Next month, the school of seven small buildings on 54 acres of lush land on Oak Grove Road in Upper Marlboro will shut down after a long period of financial difficulties and dwindling enrollment. The closure of the church-affiliated school, founded 47 years ago by St. Barnabas Episcopal Church, reflects changing times for the county as well. The church plans to lease the campus to the county school system, which is expected to use it for a charter school.
In 1964, the Queen Anne School started with 11 students inside a small brick house surrounded by corn and tobacco farmland. The next year, there were 30 students, each paying about $600.
“Its reputation spread a little bit, and grew bit by bit,” the school’s founder, the late Rev. Howard Arnold, said in a 1984 interview.
Over time, the school added a library and a science laboratory. An old barnyard was turned into a student lounge. The school depicted itself as an oasis of academic rigor, with the feel of a college campus. There were no school bells. Students who crossed the quad sometimes encountered chickens and beagles.
The school never barred black students, but none attended for years. The 1974 yearbook, the school’s first, showed 20 seniors — none African American. There were no black seniors in the 27-member class of 1984.
In those years, the county’s public schools were undergoing a profound transformation because of a court-ordered racial desegregation initiative and a simultaneous demographic upheaval in the county. Many white students during that era left the public system for private schools such as Queen Anne.
But by 1994, roughly a third of the 21 seniors at Queen Anne were black, and school leaders welcomed the diversity. By 2004, about 40 percent of students were black. Now the school has only a handful of white students.
At its peak, tuition for the middle grades was $18,500; for upper grades, $19,500. But the price was lowered by thousands of dollars in recent years in an effort to find a market niche in a county shaken by foreclosures and economic troubles.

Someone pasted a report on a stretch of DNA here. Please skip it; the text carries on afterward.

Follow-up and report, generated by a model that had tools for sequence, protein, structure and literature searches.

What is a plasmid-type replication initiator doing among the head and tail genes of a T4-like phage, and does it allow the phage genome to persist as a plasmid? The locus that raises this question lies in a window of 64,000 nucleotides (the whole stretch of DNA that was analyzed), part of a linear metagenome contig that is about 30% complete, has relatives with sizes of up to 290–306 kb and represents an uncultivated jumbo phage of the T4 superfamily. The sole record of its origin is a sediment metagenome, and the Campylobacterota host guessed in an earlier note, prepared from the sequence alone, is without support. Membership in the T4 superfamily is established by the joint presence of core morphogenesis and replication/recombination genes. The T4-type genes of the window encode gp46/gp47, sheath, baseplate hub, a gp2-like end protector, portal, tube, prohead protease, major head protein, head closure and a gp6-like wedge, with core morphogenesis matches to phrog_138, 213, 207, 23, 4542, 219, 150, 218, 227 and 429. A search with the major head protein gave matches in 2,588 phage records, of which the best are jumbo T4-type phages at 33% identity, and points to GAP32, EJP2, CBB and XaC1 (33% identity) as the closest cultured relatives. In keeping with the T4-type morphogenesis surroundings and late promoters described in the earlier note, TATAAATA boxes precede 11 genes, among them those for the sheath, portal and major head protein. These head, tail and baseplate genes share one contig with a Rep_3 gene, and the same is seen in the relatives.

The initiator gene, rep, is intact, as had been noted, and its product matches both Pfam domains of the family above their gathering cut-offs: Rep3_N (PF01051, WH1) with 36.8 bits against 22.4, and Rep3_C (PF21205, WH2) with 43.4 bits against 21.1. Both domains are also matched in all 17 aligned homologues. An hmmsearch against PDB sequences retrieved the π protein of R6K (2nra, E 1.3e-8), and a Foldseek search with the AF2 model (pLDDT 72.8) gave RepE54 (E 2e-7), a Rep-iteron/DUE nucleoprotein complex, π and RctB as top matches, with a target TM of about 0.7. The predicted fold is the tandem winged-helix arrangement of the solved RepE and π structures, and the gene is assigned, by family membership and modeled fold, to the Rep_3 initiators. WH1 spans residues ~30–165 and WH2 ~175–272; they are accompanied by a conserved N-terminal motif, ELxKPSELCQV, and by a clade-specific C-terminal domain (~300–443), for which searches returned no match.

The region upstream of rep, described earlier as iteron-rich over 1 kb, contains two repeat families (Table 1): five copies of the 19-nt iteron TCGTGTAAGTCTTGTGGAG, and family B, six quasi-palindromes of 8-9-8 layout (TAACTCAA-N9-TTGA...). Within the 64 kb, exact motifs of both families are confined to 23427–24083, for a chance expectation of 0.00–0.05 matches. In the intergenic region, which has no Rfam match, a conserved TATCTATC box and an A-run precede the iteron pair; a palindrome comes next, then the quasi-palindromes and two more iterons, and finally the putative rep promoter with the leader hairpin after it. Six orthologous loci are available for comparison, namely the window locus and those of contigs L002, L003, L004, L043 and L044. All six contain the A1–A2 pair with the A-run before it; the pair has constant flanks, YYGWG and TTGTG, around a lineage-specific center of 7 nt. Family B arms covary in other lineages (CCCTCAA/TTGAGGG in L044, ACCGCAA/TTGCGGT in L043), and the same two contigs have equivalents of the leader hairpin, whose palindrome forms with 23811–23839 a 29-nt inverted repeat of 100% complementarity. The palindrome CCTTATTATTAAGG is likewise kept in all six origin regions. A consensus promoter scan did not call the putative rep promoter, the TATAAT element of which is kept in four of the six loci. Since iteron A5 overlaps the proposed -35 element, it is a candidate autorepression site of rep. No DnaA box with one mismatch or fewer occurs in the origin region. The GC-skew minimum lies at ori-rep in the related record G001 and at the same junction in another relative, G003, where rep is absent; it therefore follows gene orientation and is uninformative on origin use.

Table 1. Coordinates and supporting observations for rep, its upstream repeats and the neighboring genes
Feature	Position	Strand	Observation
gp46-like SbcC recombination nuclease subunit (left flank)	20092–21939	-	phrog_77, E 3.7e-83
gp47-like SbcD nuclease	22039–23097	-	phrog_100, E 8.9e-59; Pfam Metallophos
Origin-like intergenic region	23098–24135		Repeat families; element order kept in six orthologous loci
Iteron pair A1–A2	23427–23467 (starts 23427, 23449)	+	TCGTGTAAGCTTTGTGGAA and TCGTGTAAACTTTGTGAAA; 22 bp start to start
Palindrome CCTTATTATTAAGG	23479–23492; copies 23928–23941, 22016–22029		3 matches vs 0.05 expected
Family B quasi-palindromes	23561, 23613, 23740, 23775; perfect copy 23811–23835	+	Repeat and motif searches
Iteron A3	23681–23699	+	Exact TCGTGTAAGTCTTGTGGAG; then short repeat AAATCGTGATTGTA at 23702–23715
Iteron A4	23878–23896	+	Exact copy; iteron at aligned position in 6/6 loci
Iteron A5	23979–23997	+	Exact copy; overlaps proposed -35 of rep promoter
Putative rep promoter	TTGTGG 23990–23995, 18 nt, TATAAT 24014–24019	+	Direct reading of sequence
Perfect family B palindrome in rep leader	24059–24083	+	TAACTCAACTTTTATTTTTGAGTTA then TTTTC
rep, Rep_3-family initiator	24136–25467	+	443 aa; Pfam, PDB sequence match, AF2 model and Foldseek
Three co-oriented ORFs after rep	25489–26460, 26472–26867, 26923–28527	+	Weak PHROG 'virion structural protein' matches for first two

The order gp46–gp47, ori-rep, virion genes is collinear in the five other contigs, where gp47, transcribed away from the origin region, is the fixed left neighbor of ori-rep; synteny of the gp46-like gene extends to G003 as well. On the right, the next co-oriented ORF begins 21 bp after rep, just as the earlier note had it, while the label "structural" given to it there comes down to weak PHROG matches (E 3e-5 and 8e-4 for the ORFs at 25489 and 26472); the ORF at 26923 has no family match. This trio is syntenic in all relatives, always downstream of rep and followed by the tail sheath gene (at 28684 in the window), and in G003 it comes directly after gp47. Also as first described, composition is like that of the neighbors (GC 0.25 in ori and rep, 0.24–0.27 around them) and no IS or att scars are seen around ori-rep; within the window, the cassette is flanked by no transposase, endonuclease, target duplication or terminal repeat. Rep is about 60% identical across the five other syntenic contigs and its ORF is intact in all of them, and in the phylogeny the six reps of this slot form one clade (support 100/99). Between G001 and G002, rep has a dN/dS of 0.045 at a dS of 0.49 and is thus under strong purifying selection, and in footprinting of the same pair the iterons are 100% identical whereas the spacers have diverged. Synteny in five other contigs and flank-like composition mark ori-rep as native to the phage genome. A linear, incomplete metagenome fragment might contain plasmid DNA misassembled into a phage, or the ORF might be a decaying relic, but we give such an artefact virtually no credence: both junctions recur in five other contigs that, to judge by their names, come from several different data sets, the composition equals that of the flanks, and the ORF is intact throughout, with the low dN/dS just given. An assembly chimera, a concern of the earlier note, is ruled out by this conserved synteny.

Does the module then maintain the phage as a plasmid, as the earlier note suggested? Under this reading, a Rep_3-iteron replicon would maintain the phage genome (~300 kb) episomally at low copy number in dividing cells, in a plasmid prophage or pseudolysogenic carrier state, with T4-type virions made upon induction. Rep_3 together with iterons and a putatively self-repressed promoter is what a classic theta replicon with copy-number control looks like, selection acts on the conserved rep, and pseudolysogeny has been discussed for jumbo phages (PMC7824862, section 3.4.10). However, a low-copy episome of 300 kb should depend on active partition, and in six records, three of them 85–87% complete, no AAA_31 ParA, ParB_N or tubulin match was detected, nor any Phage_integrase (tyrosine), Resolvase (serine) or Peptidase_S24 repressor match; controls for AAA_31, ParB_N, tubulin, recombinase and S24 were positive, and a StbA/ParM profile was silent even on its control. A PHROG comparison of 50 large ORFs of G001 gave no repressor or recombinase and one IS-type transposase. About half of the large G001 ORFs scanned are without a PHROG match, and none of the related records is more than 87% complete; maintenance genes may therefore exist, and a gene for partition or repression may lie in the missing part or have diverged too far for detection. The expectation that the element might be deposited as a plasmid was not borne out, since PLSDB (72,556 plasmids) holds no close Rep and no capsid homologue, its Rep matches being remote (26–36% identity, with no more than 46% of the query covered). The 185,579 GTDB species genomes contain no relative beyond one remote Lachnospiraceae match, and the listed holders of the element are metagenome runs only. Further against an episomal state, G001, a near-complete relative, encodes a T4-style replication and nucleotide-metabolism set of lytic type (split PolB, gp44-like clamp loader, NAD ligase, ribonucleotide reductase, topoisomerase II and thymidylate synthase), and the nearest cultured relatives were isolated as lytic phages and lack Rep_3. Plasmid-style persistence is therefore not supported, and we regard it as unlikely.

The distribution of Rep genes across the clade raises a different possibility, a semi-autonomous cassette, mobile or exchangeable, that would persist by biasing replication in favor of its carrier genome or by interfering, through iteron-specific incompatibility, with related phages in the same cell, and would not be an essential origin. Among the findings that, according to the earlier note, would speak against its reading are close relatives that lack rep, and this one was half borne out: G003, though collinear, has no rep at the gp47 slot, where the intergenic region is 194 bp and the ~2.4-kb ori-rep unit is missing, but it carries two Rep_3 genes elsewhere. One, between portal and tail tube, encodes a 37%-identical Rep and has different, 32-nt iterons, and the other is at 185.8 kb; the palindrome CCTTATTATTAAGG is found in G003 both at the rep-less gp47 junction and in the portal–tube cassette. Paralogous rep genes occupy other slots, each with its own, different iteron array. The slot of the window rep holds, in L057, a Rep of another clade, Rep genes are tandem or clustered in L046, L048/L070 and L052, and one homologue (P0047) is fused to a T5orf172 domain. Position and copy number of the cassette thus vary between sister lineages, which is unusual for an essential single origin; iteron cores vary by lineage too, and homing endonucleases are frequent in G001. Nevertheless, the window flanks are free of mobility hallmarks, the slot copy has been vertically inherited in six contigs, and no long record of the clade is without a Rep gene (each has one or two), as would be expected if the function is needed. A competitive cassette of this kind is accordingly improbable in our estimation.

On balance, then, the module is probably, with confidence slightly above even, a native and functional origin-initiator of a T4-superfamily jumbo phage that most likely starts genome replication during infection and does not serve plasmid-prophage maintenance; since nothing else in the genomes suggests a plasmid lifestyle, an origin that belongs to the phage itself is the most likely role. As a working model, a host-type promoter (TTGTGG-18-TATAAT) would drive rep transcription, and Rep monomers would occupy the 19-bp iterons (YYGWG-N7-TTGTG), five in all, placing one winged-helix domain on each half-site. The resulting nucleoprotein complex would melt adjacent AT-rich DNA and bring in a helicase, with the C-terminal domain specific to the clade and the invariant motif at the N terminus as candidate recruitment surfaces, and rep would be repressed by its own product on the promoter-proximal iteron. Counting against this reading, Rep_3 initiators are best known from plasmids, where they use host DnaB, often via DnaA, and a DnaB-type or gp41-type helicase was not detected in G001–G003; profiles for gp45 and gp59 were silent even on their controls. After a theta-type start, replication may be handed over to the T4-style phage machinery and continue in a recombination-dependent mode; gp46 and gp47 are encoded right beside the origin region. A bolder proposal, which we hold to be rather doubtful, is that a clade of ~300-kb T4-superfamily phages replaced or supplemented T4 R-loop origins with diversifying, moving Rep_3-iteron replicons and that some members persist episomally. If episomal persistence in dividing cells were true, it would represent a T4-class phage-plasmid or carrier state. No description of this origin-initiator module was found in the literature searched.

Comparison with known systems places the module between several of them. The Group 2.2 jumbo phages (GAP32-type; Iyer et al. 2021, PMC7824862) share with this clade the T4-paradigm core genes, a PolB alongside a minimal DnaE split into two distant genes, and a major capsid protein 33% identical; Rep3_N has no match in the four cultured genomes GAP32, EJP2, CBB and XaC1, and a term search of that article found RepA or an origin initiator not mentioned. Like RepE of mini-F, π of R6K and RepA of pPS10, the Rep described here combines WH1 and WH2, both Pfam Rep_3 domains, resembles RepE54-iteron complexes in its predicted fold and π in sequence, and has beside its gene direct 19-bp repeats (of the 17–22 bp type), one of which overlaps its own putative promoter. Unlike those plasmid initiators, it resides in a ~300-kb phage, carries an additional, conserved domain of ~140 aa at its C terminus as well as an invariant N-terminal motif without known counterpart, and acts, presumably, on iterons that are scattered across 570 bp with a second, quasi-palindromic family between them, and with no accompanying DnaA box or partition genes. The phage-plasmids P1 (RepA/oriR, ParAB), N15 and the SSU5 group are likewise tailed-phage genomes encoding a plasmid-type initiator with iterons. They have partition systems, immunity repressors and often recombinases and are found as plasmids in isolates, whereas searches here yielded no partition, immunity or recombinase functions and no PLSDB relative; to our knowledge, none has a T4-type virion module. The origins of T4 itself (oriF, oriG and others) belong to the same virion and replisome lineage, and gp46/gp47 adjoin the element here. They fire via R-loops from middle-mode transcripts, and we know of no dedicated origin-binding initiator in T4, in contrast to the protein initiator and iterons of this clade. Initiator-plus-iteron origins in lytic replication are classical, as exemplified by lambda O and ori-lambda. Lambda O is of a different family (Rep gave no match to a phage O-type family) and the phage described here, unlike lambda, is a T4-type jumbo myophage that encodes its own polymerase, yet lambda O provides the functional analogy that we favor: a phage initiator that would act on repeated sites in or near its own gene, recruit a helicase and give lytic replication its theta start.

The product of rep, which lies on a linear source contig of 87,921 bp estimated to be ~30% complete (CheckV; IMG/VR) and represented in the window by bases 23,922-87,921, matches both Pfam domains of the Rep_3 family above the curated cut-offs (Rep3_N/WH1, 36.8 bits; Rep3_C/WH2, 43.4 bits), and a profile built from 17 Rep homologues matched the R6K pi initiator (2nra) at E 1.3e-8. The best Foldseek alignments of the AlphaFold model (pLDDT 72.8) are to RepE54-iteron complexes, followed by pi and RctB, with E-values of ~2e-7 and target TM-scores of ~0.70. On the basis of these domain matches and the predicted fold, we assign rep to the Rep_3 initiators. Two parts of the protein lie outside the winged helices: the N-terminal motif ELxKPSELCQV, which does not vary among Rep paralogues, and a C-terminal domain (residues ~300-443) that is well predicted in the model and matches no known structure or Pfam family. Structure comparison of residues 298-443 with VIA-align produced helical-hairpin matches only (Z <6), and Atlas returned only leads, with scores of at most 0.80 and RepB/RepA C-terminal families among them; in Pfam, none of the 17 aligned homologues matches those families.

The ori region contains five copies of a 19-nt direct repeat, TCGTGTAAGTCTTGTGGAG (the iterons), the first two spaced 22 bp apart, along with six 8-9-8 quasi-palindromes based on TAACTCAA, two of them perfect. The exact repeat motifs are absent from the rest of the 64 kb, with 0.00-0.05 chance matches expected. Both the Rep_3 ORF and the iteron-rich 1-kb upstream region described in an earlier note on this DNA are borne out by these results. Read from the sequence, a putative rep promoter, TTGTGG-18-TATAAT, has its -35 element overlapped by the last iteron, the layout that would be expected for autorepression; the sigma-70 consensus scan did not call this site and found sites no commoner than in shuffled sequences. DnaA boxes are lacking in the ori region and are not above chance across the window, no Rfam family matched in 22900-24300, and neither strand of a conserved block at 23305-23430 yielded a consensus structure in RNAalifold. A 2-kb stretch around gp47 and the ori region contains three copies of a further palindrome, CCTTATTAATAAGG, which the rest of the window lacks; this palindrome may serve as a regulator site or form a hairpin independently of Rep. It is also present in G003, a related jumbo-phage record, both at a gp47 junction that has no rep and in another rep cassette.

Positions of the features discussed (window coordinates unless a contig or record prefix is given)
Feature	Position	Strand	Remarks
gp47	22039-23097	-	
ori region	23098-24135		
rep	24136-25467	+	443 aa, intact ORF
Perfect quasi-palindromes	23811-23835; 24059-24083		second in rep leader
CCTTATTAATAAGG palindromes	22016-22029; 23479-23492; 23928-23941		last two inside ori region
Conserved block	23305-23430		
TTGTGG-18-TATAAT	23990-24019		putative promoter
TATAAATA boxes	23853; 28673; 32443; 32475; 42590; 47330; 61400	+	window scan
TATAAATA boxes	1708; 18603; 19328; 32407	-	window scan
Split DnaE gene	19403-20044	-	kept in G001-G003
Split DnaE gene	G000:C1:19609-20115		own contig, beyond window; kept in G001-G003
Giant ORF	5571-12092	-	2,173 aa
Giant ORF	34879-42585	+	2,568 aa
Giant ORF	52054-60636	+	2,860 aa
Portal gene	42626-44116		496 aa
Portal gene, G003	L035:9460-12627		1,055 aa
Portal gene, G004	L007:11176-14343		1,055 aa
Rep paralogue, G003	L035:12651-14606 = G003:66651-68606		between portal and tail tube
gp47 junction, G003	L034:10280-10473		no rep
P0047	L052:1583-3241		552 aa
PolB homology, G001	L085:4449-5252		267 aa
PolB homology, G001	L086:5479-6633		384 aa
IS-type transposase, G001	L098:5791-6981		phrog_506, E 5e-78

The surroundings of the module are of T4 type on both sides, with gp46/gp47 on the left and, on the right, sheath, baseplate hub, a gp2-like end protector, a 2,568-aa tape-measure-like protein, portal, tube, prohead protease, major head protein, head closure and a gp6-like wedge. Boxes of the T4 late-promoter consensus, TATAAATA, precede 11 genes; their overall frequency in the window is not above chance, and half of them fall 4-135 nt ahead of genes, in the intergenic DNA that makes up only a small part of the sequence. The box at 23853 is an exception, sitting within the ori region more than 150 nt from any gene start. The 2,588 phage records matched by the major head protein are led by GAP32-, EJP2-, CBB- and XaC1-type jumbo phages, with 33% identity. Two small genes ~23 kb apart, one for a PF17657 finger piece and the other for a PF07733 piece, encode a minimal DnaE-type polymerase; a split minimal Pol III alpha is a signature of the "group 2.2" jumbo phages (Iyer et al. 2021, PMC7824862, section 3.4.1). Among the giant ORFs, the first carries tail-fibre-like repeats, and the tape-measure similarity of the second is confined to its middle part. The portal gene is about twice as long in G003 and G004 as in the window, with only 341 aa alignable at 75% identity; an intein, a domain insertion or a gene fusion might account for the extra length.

To save money, the school cut middle school sports and lacrosse. Teachers swallowed a 15 percent pay cut. Eventually, the board of trustees lowered tuition in hopes of preventing more kids from leaving.
“I think there was a misconception about our families and that they could still afford this place,” said Christiana Holyer, the head of the school. “But they were families where both parents were working.” Money for them, she said, was tight.
In January, the church began moving to close Queen Anne. The faculty sent letters to parents explaining the decision.
Last-ditch alumni efforts to save the school, including a fundraising campaign, a retooled Web site and YouTube videos, fell short.
Students said the closure took them by surprise.
“At first, we didn’t realize things were that bad,” said William Johnson, 17, the student body president, who is headed to the New School in New York in the fall.
In the final weeks, faculty kept the classroom routine as normal as possible. Upperclassmen gleefully boogied at the prom, and teachers vowed that final exams would be taxing.
At a recent event for seniors and alumni, Holyer gave a slideshow of the kids growing up at their school, to the tune of pop songs about leaving and loss.
Valerie Reuther, Class of ’79, watched the show. She said that the faces looked different from those in her era but that the spirit of the school never changed.
“You don’t realize it until you’re older,” she said. “But one day, they’ll understand how unique all this was.”
Samaria Johnson, 18, grew emotional as classmates laughed at pictures from productions of “The Wiz” and “Singin’ in the Rain” and of the track team jumping hurdles.
“At first, I thought it was cool to be in the last class of a school,” said Johnson, who will attend the University of Alabama. “I’ve gone to several private schools, and I always hated the ‘legacy’ kids. But now, here I am envisioning that my own children would go to this school. Now it’s not going to happen.”